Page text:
Handmade Films, part owned by George Harrison, produced a series of comedies and gritty dramas such as The Long Good Friday (1980) and Withnail and I (1987) that had proven popular internationally and have since achieved cult success. The company was originally formed to take over the production of Monty Python's Life of Brian, and subsequently became involved in other projects by the group's members. The Pythons' influence was still apparent in British comedy films of the 1980s, the most notable examples being Terry Gilliam's fantasy films Time Bandits (1981) and Brazil (1985), and John Cleese's hit A Fish Called Wanda (1988).

With the involvement of Channel 4 in film production a number of new talents were developed in Stephen Frears (My Beautiful Laundrette) and Mike Newell (Dance with a Stranger), while John Boorman, who had been working in the US, was encouraged back to the UK to make Hope and Glory (1987). Stephen Woolley's company Palace Pictures also enjoyed some notable successes, including Neil Jordan's The Company of Wolves (1984) and Mona Lisa (1986), before collapsing amid a series of unsuccessful films. Amongst the other notable British films of the decade were Lewis Gilbert's Educating Rita (1983), Bill Forsyth's Gregory's Girl (1981) and Peter Yate's The Dresser (1983).

Following the final winding up of the Rank Organisation, a series of company consolidations in British cinema distribution meant that it became ever harder for British productions. Another blow was the elimination of the Eady tax concession by the Conservative Government in 1984. The concession had made it possible for a foreign film company to write off a large amount of its production costs by filming in the UK — this was what attracted a succession of blockbuster productions to British studios in the 1970s. With Eady gone many studios closed or focused on television work.

British cinema in the 1990s

Film production in the UK hit one of its all-time lows in 1989. While cinema audiences were climbing in the UK in the early 1990s, few British films were enjoying significant commercial success, even in the home market. Among the more notable exceptions were the Merchant Ivory productions Howards End (1992) and The Remains of the Day (1993), Richard Attenborough's Chaplin (1992) and Shadowlands (1993) and Neil Jordan's acclaimed thriller The Crying Game (1992). The latter was generally ignored on its initial release in the UK, but was a considerable success in the United States, where it was picked up by the distributor Miramax. The same company also enjoyed some success releasing the BBC period drama Enchanted April (1992). Kenneth Branagh to The Madness of King George (1994) proved there was still a market for the traditional British costume drama, and a large number of other period films followed, including Sense and Sensibility (1995), Restoration (1995), Emma (1996), Mrs. Brown (1997), The Wings of the Dove (1997, Shakespeare in Love (1998) and Topsy-Turvy (1999). Several of these were funded by Miramax Films, who also took over Anthony Minghella's The English Patient (1996) when the production ran into difficulties during filming. Although technically an American production, the success of this film, including its 9 Academy Award wins would bring further prestige to British film-makers.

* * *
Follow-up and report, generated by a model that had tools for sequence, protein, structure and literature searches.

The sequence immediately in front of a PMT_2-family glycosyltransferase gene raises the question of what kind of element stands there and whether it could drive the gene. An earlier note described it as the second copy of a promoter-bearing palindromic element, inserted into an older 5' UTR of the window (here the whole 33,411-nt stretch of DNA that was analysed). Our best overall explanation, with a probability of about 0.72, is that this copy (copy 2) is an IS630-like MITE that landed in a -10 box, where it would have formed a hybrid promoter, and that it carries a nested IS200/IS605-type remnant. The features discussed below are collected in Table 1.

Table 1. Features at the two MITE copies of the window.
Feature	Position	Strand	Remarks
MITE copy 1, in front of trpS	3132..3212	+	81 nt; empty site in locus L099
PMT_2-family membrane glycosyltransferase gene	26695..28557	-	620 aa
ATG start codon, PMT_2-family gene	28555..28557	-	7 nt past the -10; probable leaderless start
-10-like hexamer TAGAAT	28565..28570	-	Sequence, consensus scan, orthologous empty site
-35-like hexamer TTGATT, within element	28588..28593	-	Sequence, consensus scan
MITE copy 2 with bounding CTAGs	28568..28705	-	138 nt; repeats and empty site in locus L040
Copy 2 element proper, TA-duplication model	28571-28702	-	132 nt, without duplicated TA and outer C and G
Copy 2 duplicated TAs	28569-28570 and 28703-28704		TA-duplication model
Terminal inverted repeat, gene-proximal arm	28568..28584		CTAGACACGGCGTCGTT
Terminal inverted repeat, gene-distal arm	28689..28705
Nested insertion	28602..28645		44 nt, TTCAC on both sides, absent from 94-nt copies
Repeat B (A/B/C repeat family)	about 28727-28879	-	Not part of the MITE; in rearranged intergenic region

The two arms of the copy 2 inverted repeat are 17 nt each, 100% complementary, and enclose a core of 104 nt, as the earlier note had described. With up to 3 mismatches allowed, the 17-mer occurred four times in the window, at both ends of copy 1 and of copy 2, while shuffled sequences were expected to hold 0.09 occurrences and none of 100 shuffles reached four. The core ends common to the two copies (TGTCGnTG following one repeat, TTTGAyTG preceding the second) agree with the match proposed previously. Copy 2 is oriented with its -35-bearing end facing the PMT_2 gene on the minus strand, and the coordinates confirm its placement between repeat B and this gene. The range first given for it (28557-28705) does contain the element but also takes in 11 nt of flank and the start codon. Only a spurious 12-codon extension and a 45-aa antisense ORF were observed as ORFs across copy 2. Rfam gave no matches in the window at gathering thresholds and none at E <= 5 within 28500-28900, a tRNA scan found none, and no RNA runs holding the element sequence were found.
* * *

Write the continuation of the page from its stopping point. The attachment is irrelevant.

The surprise success of the Richard Curtis-scripted comedy Four Weddings and a Funeral (1994), which grossed $244 million worldwide and introduced Hugh Grant to global fame, led to renewed interest and investment in British films, and set a pattern for British-set romantic comedies, including Sliding Doors (1998) and Notting Hill (1999). Working Title Films, the company behind many of these films, quickly became one of the most successful British production companies of recent years, with other box office hits including Bean (1997), Elizabeth (1998) and Captain Corelli's Mandolin (2001).

The new appetite for British comedy films lead to the popular comedies Brassed Off (1996), and The Full Monty (1997). The latter film unexpectedly became a runaway success and broke British box office records. Produced for under $4 m and grossing $257 m internationally, studios were encouraged to start smaller subsidiaries dedicated to looking for other low budget productions capable of producing similar returns.

With the introduction of public funding for British films through the new National Lottery something of a production boom occurred in the late 1990s, but only a few of these films found significant commercial success, and many went unreleased. These included several gangster films attempting to imitate Guy Ritchie's black comedies Lock, Stock and Two Smoking Barrels (1998) and Snatch (2000).

After a six year hiatus for legal reasons the James Bond films returned to production with the 17th Bond film, GoldenEye. With their traditional home Pinewood Studios fully booked, a new studio was created for the film in a former Rolls-Royce aero-engine factory at Leavesden in Hertfordshire.

American productions also began to return to British studios in the mid-1990s, including Interview with the Vampire (1994), Mission: Impossible (1996), Saving Private Ryan (1998), Star Wars Episode I: The Phantom Menace (1999) and The Mummy (1999), as well as the French production The Fifth Element (1997), at the time claimed to be the most expensive film made in the UK.